the assorted works of G. H. Spaulding




Cold War Duty in Washington under Ronald Reagan

Three short-story anecdotes that illustrate what it was like


I'm sorry to say I never got to meet Ronald Reagan. However, as a member of the Joint Staff from 1986-89, I had the privilege of working on and helping to negotiate the Strategic Arms Reduction Treaty (START), ultimately one of Reagan's most important "weapons" in defeating the Soviet Union and winning the Cold War. My "toys" were ICBMs, SSBNs/SLBMs and strategic bombers/ALCMs. At one point my task was to keep Tomahawk cruise missiles out of the START treaty (Mikhail Gorbachev badly wanted them in).

Reagan never liked the 1970s-era SALT Accords, which merely sought to limit the number of strategic delivery vehicles on each side. He proposed a new treaty, one that would actually reduce the number of nuclear warheads in the Soviet and American arsenals. START negotiations began in Geneva in 1982, but were suspended the next year when the Soviets walked out in protest over U.S. intermediate-range missile deployments in Europe. Negotiations resumed in 1985 and were finally concluded 1991. On May 23, 1992, a protocol was signed between the U.S. and the four Soviet successor states that have weapons covered by START -- Russia, Belarus, Kazakhstan and Ukraine.

Reagan caught us by surprise when, during an October 1986 Summit Meeting with Gorbachev in Iceland, he proposed that both sides eliminate all their nuclear weapons. The proposal had not been staffed in advance, so for the next several months, the Joint Staff was in scramble mode studying the hell out of a world without nucs. The bottom line was that it would be a very expensive proposition to try to meet all our national security requirements with only conventional weapons. The study showed just how relatively inexpensive nuclear weapons are and how effective they are as deterrents.

At the White House there were two "gatekeepers" for arms control matters -- one Air Force and one Navy, both 0-6s. They would spell each other so that whenever one wasn't around, the other was. If the various agencies of the USG could not agree on a treaty provision (which happened frequently), one of these two gents -- whoever was in the "seat" at the time -- would summarize the issue in dispute and take the matter to the president for decision. The standing joke was that Reagan would be presented with three alternatives -- (a) nuclear war; (c) surrender; or, (b) the decision desired by our friendly gatekeepers. They wielded a great deal of power and, by and large, tended to side with us on the Joint Staff.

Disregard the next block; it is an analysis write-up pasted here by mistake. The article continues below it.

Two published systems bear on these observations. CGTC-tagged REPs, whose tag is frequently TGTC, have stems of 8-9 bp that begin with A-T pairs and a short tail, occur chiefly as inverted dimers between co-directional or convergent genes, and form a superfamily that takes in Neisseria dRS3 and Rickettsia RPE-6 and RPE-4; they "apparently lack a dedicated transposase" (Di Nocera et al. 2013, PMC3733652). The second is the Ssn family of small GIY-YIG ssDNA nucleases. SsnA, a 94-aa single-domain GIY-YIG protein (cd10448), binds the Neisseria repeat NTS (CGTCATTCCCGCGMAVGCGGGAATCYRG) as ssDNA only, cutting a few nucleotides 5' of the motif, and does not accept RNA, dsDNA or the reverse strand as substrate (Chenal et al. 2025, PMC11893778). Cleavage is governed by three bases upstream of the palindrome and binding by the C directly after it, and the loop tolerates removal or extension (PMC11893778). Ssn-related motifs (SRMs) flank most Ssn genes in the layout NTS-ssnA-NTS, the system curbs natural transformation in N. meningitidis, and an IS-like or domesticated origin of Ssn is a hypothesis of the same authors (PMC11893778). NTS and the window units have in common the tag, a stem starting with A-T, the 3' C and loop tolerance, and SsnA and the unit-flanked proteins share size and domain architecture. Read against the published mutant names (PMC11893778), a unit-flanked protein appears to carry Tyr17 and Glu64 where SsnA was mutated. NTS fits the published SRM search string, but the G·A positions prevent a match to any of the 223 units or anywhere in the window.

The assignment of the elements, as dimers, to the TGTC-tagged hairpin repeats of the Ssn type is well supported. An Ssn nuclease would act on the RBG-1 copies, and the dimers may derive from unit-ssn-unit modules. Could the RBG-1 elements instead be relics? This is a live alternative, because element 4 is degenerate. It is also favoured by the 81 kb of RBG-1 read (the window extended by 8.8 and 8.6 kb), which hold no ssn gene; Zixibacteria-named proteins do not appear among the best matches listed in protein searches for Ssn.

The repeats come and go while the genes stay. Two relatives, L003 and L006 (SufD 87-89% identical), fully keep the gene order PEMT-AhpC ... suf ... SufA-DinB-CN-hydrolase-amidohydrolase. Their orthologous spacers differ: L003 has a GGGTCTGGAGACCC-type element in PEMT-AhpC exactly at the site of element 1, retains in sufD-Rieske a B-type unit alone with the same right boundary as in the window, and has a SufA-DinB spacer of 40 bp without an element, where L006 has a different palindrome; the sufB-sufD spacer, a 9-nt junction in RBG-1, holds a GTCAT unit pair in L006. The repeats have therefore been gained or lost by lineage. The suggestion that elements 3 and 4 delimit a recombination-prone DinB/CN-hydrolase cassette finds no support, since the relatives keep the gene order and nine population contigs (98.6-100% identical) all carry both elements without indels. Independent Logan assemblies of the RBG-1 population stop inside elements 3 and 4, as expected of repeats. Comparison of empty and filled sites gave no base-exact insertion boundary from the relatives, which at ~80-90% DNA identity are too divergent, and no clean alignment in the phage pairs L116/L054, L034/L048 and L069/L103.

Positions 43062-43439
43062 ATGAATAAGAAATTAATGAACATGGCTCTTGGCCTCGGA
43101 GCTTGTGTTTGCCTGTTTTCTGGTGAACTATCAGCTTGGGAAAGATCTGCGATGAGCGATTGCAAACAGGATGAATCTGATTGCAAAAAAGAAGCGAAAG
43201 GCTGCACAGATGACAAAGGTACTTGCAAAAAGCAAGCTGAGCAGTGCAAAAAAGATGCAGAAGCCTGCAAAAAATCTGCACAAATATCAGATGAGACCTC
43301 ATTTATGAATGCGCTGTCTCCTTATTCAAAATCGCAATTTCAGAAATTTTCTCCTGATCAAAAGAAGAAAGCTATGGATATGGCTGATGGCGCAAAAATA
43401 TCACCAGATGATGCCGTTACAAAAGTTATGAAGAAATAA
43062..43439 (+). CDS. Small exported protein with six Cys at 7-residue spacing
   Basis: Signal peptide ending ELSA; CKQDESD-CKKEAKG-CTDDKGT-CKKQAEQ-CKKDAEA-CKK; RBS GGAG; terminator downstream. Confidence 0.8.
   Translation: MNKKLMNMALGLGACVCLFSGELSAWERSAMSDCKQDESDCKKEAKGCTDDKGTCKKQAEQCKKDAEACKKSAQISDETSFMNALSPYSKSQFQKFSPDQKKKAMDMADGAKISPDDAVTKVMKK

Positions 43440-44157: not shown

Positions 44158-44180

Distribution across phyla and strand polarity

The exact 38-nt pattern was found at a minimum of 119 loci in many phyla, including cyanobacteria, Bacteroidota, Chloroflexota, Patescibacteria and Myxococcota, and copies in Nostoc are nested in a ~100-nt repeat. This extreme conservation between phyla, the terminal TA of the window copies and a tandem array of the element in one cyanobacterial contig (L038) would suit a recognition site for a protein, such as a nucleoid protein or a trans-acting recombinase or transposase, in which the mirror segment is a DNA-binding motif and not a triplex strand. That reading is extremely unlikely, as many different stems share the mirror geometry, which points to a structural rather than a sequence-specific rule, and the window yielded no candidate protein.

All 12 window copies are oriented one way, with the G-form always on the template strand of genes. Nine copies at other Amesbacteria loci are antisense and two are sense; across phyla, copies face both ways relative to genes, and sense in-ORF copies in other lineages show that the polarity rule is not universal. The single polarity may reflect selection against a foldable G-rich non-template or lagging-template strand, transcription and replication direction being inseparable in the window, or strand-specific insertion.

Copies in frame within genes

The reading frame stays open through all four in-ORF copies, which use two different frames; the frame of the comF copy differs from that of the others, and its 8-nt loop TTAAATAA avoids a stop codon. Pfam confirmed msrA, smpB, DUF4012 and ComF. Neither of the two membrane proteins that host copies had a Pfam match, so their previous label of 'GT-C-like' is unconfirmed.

With that as background, here are several short stories from C-C-Cold War Syndrome (right) that reveal what it was like working on the Joint Staff and the START Treaty to help end the Cold War for Ronald Reagan.  Two other stories posted elsewhere on this web site  -- KGB and Coffee at the White House -- are similarly related.

Gerry Spaulding



The Cold War had reached its crescendo. Ronald Reagan and Mikhail Gorbachev were playing a game of high-stakes poker, calling and raising each other’s wagers at a frantic pace. The winner got the world.

While the stakes were high, the chances of an American loss were virtually non-existent. Reagan held the aces. He simply pressed down a little on the accelerator of defense spending and set a pace the Soviets could match only at the cost of economic collapse—a fate that was close even without the arms race. At the same time, he provided the Soviets a face-saving way out of their quandary by offering them arms control negotiations, open dialogue and personal contacts between senior government officials.

My boss at the time was Admiral William Crowe, Chairman of the Joint Chiefs of Staff. While the United States and the Soviet Union were actively engaged in arms reduction talks, Admiral Crowe became a prime mover in what I would call the art of tension reduction.